Knowledge about genital herpes infection is generally acknowledged to be unsatisfactory among both patients and clinicians. It is essential that clinicians receive up to date information in order to improve counselling and management of patients. We are not aware of any recently published study in the United Kingdom assessing clinicians' knowledge of genital herpes. This study demonstrates that more work is needed to ensure that GPs have received the recent information about genital herpes. Overall, only 56% of the answers were correct. Catotti et al in their study15 reported that almost half of patients did not feel that their doctor was supportive, gave adequate treatment information, or was prepared or could answer questions effectively. Poor knowledge and negative attitudes need to be tackled by improved education. The Centers for Disease Control and Prevention (CDC), in the United States, has recently convened an advisory panel to address genital herpes prevention. One of the main recommendations of the panel is education of the healthcare providers and the public about the epidemiology, clinical manifestations, natural course, therapy, and transmission of genital herpes.16

The discovery of type specific antigens in HSV-1 and HSV-2, most notably glycoprotein (gG), has been successfully exploited to develop assays for the detection of type specific HSV antibody. This has opened a debate on the use of testing to improve diagnosis, management, and prevention of genital herpes. Several clinical situations have been suggested.17 Those who are advocating testing18,19 argue that it can improve diagnosis and control spread. The available preventive measures include the use of condoms, suppressive antiviral therapy, and counselling to modify sexual behaviour. Opponents,20 on the other hand, argue that there is no good evidence that preventive measures decrease transmission and that testing of asymptomatic patients will increase stress, anxiety, and relationship problems. They raise the issues of increasing the costs and of ignoring the importance of HSV-1. They also argue that neonatal herpes is rare in the United Kingdom and that predictive value of positive tests will be low within low prevalence populations. Screening of populations with low prevalence rate of genital herpes may not be justifiable at this stage. A test with a specificity of 95% and a sensitivity of 95% will only give a positive predictive value exceeding 50% when the population being tested has a prevalence of HSV-2 infection exceeding 5%.

In one study among genitourinary clinic attenders in Leeds,14 92% wanted to know their genital herpes serostatus and in another study in an antenatal clinic in London,21 80% of pregnant women were prepared to be screened. Ashley and Corey asked “patients are ready, are clinicians?”18 This study indicates that the majority of GPs in Coventry and the surrounding areas of Warwick and Nuneaton (78%) support the availability of type specific serotesting in genitourinary medicine clinics. The number of GPs who were against this testing is very small (three out of 183). It would be interesting to know whether providing information (for example, information sheet) about genital herpes and its serotesting would have affected their decisions. We are not expecting all GPs to be aware of all controversies surrounding serotesting of genital herpes. However, this gives us an idea about their opinions at this stage of knowledge. It would also be interesting to assess the opinions of genitourinary physicians. A survey carried out among delegates at the annual meeting of the International Herpes Management Forum (IHMF) in 1999 showed 70% were in favour of judicious use of serology to test for HSV. Delegates at this forum usually have special interest in these issues. Further studies among other groups in different geographical areas are required.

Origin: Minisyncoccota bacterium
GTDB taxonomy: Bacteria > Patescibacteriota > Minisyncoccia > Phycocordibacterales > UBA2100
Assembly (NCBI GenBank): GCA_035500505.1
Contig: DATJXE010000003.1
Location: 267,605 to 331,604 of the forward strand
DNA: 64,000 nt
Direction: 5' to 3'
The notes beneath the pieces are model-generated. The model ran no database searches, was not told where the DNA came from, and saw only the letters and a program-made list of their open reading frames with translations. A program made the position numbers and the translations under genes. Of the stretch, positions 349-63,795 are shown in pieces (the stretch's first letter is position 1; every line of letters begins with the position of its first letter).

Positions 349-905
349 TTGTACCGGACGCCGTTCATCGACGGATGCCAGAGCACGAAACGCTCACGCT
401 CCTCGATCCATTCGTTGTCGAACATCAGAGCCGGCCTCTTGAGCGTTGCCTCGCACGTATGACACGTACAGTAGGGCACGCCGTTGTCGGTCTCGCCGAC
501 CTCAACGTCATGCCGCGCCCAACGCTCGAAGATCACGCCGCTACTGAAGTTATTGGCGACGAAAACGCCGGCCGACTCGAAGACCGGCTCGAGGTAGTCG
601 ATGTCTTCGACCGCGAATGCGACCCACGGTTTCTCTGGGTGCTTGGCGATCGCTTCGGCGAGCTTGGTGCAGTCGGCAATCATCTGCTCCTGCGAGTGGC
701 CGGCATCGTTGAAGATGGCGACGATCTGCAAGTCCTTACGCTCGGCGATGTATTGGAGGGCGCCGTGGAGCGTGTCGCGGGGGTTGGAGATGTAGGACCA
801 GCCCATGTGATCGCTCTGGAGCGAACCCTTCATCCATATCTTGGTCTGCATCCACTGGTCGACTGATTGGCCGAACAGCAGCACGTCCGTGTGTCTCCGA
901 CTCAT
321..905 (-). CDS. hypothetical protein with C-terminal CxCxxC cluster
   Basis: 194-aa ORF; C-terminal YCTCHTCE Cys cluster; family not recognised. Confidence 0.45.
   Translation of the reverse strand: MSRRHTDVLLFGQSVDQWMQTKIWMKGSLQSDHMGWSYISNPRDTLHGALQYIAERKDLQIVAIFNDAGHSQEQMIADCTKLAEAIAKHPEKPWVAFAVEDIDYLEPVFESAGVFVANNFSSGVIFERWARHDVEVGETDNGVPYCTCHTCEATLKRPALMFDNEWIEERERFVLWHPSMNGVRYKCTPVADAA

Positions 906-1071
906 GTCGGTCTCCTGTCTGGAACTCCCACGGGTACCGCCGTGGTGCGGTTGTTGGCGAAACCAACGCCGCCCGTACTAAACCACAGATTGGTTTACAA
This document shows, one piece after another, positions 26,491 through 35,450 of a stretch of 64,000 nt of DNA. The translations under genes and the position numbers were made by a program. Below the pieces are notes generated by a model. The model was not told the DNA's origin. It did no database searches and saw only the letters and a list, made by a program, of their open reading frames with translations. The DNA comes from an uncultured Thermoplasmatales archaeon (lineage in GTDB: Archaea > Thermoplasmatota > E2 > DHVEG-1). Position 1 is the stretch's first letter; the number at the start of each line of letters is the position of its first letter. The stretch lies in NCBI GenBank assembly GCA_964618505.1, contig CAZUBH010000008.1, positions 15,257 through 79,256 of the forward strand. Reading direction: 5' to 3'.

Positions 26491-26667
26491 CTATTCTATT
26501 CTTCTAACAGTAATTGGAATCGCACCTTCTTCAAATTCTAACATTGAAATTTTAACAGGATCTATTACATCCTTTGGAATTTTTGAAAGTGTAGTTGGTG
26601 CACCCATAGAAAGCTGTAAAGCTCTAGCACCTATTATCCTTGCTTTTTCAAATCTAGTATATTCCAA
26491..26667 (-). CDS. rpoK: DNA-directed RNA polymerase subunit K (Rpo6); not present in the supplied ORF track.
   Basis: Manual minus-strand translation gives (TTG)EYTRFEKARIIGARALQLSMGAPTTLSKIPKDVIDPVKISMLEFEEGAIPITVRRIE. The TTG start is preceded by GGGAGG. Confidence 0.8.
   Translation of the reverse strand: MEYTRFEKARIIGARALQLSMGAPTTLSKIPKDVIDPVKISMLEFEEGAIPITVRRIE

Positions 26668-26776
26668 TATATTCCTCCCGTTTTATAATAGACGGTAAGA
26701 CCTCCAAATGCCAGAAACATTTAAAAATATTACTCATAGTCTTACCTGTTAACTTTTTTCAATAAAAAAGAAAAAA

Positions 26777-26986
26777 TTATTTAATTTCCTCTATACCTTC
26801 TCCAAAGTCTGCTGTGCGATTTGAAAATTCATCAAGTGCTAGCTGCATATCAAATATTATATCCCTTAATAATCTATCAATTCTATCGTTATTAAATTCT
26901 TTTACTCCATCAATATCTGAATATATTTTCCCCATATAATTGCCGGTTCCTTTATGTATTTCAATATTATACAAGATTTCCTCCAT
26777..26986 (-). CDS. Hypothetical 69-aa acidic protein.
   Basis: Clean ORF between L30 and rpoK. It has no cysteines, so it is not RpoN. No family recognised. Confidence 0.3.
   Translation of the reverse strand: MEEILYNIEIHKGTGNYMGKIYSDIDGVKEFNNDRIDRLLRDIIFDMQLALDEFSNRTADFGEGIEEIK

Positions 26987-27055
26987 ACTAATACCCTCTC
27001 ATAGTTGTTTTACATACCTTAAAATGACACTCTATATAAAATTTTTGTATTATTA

This is a questionnaire study with its drawbacks. The response rate to the questionnaire was good (70%). GPs are usually too busy to complete and return such questionnaires. We have no data on the opinions of those who did not send the questionnaire back, although we believe that it is unlikely to have significantly affected the outcome.

Genital herpes serological testing is a welcome advance. We believe that the use of this testing in selected cases could be very useful although more studies about its cost effectiveness are needed before any widespread use. It is important to evaluate the level of knowledge and the attitude among patients and clinicians in order to examine the use of such testing in further clinical practice and to plan a strategy for prevention and management of this infection.


We thank Dr S Haque, applied statistician, Research and Development Unit, The Queen Elizabeth Psychiatric Hospital, Birmingham, for carrying out the statistical work of this study.

 NN, PSA, and AHW designed the study; NN conducted the work, collected the data, and wrote the draft of the manuscript; PSA and AHW supervised the study and reviewed the manuscript.